Fall school reopening plans demonstrate continued data gap

Earlier this week, New York City mayor Bill de Blasio made a big announcement: all the city’s schoolchildren are going back to the classroom this fall. There will no longer be a remote option. 

NYC was one of the first big cities to open with a hybrid model last fall, but it came with challenges—ranging from teachers protesting unsafe conditions, to in-person students doing “Zoom school” in the library, to closures dictated by confusing test positivity rates. The city’s choice to eliminate a remote option indicates a commitment to simple, unified policies for all students and teachers. It also suggests that many other districts may follow NYC’s lead—as the New York Times reported, a few districts already have.

Vaccine options for children ages 12 and older (now Pfizer, soon Moderna) make in-person education a safe bet for a lot of families. But younger students will likely have to wait much longer for their shots. As a result, regular testing will continue to be a key safety strategy, aided by American Rescue Plan funding dedicated specifically to school surveillance programs. Beyond identifying COVID-19 cases before they turn into outbreaks, testing can help parents and teachers feel safer about reopening plans.

But, as we have covered extensively here at the COVID-19 Data Dispatch, school testing data are incredibly hard to come by. New York continues to be the only state that reports any data on COVID-19 tests conducted in schools, and some states fail to even report COVID-19 school case counts.

The federal government is also failing to track these data. As POLITICO’s David Lim reported last week, the situation is pretty murky:

Since Biden took office, more schools have returned to hybrid and in-person classes, but it remains unclear what percentage of school districts across the country are regularly screening students and teachers for Covid-19. An Education Department spokesperson said the department is “not tracking that level of detail.” A Centers for Disease Control and Prevention spokesperson said that “most states have offered or implemented testing programs in schools during the 2020-2021 school year,” adding that a survey conducted by the publication EdWeek in February found that just 16 percent of school district leaders said they were testing students.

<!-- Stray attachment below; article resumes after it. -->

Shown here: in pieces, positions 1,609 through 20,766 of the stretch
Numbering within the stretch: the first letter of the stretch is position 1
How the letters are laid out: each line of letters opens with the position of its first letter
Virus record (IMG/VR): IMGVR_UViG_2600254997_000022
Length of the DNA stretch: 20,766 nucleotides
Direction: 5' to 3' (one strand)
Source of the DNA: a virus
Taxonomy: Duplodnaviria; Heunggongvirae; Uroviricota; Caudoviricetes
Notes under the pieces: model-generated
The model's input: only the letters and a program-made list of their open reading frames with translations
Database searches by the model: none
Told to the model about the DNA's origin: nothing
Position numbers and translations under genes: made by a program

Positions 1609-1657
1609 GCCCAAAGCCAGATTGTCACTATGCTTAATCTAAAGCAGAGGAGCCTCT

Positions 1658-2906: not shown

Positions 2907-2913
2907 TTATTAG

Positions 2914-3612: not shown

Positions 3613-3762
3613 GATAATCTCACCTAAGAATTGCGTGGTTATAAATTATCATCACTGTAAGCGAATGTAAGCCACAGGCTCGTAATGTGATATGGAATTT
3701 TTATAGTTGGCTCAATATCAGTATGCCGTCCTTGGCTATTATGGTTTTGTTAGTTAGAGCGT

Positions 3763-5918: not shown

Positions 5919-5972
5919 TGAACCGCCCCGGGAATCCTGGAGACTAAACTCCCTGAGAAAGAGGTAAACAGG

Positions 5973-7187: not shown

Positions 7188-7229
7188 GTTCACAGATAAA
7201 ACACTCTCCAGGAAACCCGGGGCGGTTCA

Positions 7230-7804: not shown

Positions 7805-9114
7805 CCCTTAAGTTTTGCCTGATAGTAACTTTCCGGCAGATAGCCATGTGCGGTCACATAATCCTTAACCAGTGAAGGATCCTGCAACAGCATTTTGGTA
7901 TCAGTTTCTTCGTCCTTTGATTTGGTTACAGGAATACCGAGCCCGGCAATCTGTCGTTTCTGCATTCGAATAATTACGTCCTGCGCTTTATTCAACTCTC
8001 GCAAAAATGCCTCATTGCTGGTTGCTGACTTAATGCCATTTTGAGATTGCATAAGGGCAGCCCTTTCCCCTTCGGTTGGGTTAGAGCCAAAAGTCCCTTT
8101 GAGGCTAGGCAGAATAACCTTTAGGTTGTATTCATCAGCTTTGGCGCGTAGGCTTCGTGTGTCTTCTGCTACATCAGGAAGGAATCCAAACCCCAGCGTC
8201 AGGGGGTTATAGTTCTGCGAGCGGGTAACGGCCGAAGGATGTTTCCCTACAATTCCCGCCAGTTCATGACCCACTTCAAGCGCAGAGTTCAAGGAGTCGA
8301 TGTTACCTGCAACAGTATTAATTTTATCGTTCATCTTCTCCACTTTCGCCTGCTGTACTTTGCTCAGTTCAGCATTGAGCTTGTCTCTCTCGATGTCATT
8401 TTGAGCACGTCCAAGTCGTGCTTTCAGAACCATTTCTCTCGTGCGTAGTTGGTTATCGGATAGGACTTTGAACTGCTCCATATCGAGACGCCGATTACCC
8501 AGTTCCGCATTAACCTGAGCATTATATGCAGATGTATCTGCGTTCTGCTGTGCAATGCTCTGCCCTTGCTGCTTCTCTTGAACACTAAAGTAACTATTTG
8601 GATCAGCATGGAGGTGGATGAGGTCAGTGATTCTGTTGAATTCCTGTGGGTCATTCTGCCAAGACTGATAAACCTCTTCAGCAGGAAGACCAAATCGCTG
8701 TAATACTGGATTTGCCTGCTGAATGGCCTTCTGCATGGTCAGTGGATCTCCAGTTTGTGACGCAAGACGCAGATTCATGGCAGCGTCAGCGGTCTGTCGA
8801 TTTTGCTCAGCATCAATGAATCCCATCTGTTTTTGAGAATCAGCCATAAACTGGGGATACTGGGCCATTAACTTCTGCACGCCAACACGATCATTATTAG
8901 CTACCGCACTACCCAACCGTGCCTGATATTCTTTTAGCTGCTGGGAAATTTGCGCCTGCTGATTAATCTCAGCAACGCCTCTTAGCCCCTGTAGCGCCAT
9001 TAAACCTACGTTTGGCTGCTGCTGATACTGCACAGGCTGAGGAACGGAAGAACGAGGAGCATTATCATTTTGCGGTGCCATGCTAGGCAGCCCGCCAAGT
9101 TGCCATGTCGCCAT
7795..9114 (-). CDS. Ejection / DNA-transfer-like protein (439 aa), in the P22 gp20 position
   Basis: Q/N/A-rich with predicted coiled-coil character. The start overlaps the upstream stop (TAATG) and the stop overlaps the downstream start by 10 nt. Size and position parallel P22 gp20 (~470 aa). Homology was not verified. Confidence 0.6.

Education and health groups — including the Association of State and Territorial Health Officials, the Rockefeller Foundation and American Federation of Teachers — also said they do not have comprehensive nationwide data on how many districts have testing programs in place.

This continued lack of data makes it difficult to evaluate how well school testing programs actually work. A lot of schools may be flying blind going into the fall 2021 semester, or they may choose not to set up regular testing at all.

I plan to do more reporting on this topic over the summer, including detailed investigations of individual school districts. If you have any burning questions, send them my way (betsy@coviddatadispatch.com).

More K-12 schools reporting

  • Fall school reopening plans demonstrate continued data gap
    Vaccine options for children ages 12 and older (now Pfizer, soon Moderna) make in-person education a safe bet for a lot of families. But younger students will likely have to wait much longer for their shots. As a result, regular testing will continue to be a key safety strategy… but school testing data continue to be hard to come by.
  • State K-12 school data still leave much to be desired
    The academic year is coming to an end for most schools pretty soon, so we thought it’d be appropriate to check in on the state of state K-12 COVID-19 data. We’ve been keeping track of the metrics reported by states throughout the fall and spring, but states have not improved much through the school year.
  • CDC says 80% of teachers and childcare workers are vaccinated, fails to provide more specifics
    This past Tuesday, April 6, the Centers for Disease Control and Prevention put out a press release that I found heartening, yet confusing. “Nearly 80 percent of teachers, school staff, and childcare workers receive at least one shot of COVID-19 vaccine,” the release proclaims. These vaccinations include “more than 2 million” people in these professions who received doses through the federal retail pharmacy program and “5-6 million” vaccinated through state programs, all of whom received shots before the end of March.
  • K-12 school updates, March 21
    K-12 school data updates for the week of March 21 include new funding for testing, a new database on school closures, new CDC guidance, and controversy.
  • Teachers can get vaccinated in every state, but we don’t know how many are
    As of this past Monday, K-12 teachers in every state are now eligible for vaccination. Teachers were already prioritized in most of the country, but Biden directed the remaining states to adjust their priority lists last week. The federal government also pulled teachers into the federal pharmacy program, previously used for long-term care facilities. But there’s one big problem: we have no idea how many teachers have actually been inoculated.

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